Where does the Marine Corps go from here? This critical question has pitted retired Marines and the existing senior leadership for the last four years.
Force Design (FD) 2030, the brainchild of the former commandant General David Berger, has been loudly and persistently challenged by many senior retired general officers, former defense officials, and friends of the Corps.
Congress somewhat belatedly woke up to this intellectual civil war with this year’s National Defense Authorization Act, which mandates a Federally Funded Research and Development Center (FFRDC) independently evaluate FD 2030.
Candidates to Evaluate FD 2030
That is all well and good, but the question of which FFRDC will do the study is critical. There are three leading candidates: the Center for Naval Analysis (CNA), the Institute for Defense Analysis (IDA), and RAND Corporation.
CNA’s primary funding comes from the Department of the Navy, meaning the Navy and Marine Corps. The Department also contributes directly to RAND, but not to the extent of CNA.
Of the candidates, only IDA appears to receive no direct Navy funding. It has no dog in the fight. CNA has never questioned the need for large amphibious ships, nor has RAND. It is probably unfair to ask either to take sides in this issue as it is a lose-lose proposition.
Let me be clear: I have no current affiliation with any of the candidates. I have collaborated with all in past studies and have the greatest respect for all three — but I did not fall off the turnip truck yesterday.
The Navy and the current Marine Corps senior leadership is heavily invested in FD 2030. The Marine Corps has divested billions of the assets that made the Corps a balanced, combined arms team to buy anti-ship capabilities primarily devoted to deterring or fighting a war with China.
Many in the Navy support FD 2030 because the service does not have to buy the large amphibious ships that would support the expansive landing operations the current Marine Corps leadership is trying to walk away from.
Anyone who believes they will not work hard to influence the FD 2030 study probably also believes in Santa Claus, the Easter Bunny, and the Tooth Fairy.
Unbiased and Free of Influence
In addition to the Marine Corps divestments in capabilities once considered critical to its worldwide force in readiness mission, the Navy has radically scaled back on its amphibious ship building program. All of this has been done without serious congressional oversight.
The current National Defense Authorization Act attempts to rectify that, but it can only be done properly if the mandated study is unbiased and free of influence by the existing leadership of the two naval services.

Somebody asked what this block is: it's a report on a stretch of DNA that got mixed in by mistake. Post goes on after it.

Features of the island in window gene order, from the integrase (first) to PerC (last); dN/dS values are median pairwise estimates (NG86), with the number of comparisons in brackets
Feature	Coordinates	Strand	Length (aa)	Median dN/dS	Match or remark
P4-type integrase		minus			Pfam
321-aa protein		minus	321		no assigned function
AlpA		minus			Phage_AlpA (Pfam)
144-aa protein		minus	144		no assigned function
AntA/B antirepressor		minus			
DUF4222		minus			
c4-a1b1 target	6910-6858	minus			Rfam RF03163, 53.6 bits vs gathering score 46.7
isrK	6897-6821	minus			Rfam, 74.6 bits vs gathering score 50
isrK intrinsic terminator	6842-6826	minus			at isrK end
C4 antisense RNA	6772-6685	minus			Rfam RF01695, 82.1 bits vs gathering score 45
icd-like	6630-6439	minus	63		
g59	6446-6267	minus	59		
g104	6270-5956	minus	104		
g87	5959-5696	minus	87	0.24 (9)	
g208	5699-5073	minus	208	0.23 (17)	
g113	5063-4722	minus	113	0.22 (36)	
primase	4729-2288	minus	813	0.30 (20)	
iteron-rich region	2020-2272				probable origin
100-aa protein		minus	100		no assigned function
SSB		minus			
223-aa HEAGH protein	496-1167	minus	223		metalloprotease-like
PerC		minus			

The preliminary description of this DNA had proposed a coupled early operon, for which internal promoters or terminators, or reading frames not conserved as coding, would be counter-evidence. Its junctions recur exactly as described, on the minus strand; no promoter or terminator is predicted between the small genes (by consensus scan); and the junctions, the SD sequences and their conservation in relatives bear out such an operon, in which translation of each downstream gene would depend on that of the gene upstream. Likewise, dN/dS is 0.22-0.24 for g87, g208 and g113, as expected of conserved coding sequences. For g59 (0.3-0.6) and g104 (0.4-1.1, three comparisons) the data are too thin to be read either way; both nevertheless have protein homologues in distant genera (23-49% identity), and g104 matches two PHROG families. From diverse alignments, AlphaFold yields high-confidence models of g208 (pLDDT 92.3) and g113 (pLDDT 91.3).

Of the three candidates, only IDA receives no major funding from the naval services. Consequently, it is the most logical organization to take on the mission.
No matter which organization receives the task to conduct the study, it should contain three major elements to be considered legitimate.
Independent War Games
The first would be a series of independent war games to determine the real issues surrounding FD 2030. General Berger and the current commandant, whose Quantico command conducted the original games, claimed that they validated FD 2030.
However, I always tell the students in my red teaming classes that wargames don’t validate anything. At best, they can identify potential problems with a plan and its assumptions. This is one of the bedrocks of war gaming theory.
If one red team playing in a single game ignores (or tries to ignore) the Marine Corps’ contribution as irrelevant to Chinese operations, it is merely a data point. If three of four red teams consider the concept irrelevant, it represents a serious issue. USMC and Navy FD 2030 advocates should play as the blue (US) team in these war games. If anyone can make the concept work, it should be them.
Second, the input from serving Marines, particularly the field grade ranks, should be solicited. One of the primary criticisms of FD 2030 is that a cabal of very senior officers, their trusted subordinates, and selected contractors created it without significant input from the field.
Those of us who have worked on the issue for the past few years have heard anecdotal evidence that no such input was solicited, and that Marines who voice criticism do so at risk to their careers.
An anonymous survey of those expected to implement FD 2030 would reveal whether the Corps’ future leaders believe it is a good idea.
Finally, an honest analysis from the combatant commanders in each theater should be required to determine whether the degree to which the divested USMC capabilities have impacted their combat readiness.
If these things can be accomplished competently within the study’s scope, it can be determined whether the Marine Corps is headed in the right direction. If not, both the administration and Congress should give the Marine Corps marching order to change direction as well as funding to restore lost capabilities now deemed necessary.
If not, it will draw cobwebs in a safe with so many other congressionally mandated studies.
Gary Anderson served as the Chief of Plans (G-5) of the Marine Corps Expeditionary Force responsible for the Indo-Pacific area.
He lectures on Alternative Analysis at the George Washington University’s Elliott School of International Affairs.
The views and opinions expressed here are those of the author and do not necessarily reflect the editorial position of The Defense Post.
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